We need to teach our children that a good life means much more than having a great job.
The Common Core standards, which most states have implemented, aim to prepare a student, starting with kindergarten, for the career he or she will eventually have — whether that starts after high school, or after higher education.
These standards are by no means unique to the Common Core. The vast majority of schools, public or private, secular or Catholic, have similar goals. Education today is for the sake of eventually landing the best possible career.
I want my kids to have great careers, too, but not because having a stable job means anything in itself. No, I just want my kids to be happy. My grandmother used to say, “Money can’t make you happy, but not having money can sure make you miserable!” I’d like to guard them from that particular kind of unhappiness, if I can. A good career isn’t a bad goal at all and schools and parents are right to want to give their students all the practical advantages they can.
Unfortunately, all the success in the world is no guarantee of happiness, so what if we could do better? What if we could educate our children towards becoming happy, not just towards a great career that, we hope, will contribute to their happiness?
Educator Karen Landry, writing for the Cardinal Newman Society, says education can do just that, and it’s called the liberal arts. To a Christian, she explains, “True happiness is found in God. Made in His image and likeness, our souls are meant to reflect His divine order. The soul, oriented to God, in love with God, and subject to His will, is happy.” She goes on, “A liberal arts education is a means of teaching the student to be happy by learning to love what is good, true, and beautiful. God is the Origin of all goodness, truth, and beauty — and that means loving Him and ordering one’s life accordingly.”
You can see why most schools aren’t able (even if they were willing) to teach to this understanding of happiness. And certainly, I’m glad students are being taught practical, concrete skills which will help support them in their adult lives. But we, as parents, need to keep in mind that the schools aren’t offering an education in happiness; they’re offering an education in career success, and crossing their fingers, hoping that success will offer the student a happy life.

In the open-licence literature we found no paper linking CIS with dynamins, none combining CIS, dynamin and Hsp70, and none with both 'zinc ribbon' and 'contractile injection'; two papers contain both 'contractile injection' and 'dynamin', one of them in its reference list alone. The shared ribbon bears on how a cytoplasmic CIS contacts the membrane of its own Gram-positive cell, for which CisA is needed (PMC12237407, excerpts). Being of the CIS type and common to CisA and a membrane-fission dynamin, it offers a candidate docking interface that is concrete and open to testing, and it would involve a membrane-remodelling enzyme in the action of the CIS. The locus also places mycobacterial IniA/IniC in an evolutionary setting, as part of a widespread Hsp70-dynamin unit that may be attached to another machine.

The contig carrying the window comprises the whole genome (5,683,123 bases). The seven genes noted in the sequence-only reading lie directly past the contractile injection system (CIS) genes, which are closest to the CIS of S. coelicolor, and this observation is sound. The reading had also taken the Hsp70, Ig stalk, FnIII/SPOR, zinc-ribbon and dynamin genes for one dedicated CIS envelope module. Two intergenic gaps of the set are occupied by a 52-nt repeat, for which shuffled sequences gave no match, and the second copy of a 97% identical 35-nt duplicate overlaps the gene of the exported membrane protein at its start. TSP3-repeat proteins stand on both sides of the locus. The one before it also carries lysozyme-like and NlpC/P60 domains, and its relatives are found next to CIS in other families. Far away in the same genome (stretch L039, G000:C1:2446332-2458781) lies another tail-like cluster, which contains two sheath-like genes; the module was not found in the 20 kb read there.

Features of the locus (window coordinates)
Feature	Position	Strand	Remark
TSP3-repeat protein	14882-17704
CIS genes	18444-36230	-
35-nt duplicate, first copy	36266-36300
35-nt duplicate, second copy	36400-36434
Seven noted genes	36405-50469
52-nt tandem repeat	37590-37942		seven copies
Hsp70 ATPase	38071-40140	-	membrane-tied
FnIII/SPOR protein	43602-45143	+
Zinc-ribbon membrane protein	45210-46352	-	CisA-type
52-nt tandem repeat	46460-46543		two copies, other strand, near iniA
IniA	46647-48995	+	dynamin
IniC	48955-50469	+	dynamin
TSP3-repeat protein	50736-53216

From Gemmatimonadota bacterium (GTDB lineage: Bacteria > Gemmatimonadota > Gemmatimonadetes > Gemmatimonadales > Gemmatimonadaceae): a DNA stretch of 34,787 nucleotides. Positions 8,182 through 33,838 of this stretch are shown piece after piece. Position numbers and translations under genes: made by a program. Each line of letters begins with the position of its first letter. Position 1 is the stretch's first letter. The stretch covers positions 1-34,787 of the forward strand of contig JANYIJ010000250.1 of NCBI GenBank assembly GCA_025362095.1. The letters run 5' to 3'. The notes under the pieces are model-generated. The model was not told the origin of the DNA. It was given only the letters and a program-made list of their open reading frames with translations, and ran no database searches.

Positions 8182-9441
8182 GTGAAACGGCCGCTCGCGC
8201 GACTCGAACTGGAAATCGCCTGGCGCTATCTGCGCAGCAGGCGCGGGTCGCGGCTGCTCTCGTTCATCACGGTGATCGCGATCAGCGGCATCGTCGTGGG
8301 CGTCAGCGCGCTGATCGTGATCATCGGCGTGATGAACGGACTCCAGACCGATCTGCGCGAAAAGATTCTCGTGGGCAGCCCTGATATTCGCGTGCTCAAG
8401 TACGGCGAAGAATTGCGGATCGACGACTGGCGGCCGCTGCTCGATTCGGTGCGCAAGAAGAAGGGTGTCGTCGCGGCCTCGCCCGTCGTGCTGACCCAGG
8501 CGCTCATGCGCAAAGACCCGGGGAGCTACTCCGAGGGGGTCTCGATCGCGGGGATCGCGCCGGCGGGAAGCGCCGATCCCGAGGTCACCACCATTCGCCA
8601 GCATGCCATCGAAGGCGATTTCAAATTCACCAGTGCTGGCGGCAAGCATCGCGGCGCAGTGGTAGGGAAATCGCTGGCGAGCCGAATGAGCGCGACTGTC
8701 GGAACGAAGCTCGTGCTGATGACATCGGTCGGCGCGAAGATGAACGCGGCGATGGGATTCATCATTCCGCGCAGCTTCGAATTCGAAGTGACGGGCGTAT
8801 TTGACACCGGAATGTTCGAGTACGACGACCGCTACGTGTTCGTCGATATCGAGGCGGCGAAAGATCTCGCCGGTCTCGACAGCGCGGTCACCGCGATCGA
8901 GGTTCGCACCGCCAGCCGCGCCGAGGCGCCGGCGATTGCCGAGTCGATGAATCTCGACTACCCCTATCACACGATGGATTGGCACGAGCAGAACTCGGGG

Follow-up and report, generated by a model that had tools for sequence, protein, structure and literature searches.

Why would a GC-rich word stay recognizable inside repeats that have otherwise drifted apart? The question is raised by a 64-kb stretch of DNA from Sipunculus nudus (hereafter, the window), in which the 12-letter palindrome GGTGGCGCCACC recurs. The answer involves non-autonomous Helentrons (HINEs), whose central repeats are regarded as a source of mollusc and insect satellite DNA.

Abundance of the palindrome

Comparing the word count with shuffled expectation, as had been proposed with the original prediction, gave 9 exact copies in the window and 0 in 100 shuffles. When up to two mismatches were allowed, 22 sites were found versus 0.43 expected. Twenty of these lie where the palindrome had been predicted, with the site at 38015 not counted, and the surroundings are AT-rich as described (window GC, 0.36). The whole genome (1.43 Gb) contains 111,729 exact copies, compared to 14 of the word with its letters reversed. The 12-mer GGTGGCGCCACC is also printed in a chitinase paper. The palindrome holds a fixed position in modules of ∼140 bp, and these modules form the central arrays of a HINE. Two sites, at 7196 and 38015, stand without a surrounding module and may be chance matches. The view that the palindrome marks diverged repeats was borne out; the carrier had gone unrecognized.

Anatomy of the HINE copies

We don’t have to just cross our fingers and hope. Parents, writes St. John Paul II, are the “first and foremost educators of their children,” even when they’ve delegated that task to other teachers. That makes it our job to teach our children that living a good life means much more than just working a good job.
How do we do that? It’s daunting, especially when our kids’ energy is taken up with their ordinary school day already. Luckily, the liberal arts, being ordered toward human flourishing, have a way of fitting in anywhere that goodness, truth, and beauty, are found.
Landry writes, “At the heart of a liberal arts education lies the student’s engagement … with personal experience of truth, goodness, and beauty in countless ways: music, poetry, dance, drama, and sports, to name a few. On a daily basis, these encounters shape their affections, order their souls, and encourage self-reflection.”
It’s the experience of these fundamental three aspects of the world which is the real education. Even if you can’t send your kids to a liberal arts oriented school, nothing can stop them from accessing truth, beauty, and goodness. As much as you can, expose your children to beauty. Encounter truth with them, experience goodness, and talk about all of it; never stop having that all-important conversation about the central place that these three things ought to occupy in our lives. Teach them who they are, and who God made them to be, and model those values in your own life.
This is at the heart of what the liberal arts emphasizes, and it can be a constant reminder to you and your children of life’s real priorities — to find happiness in God, and develop an understanding of who you are and who you’re made to be.
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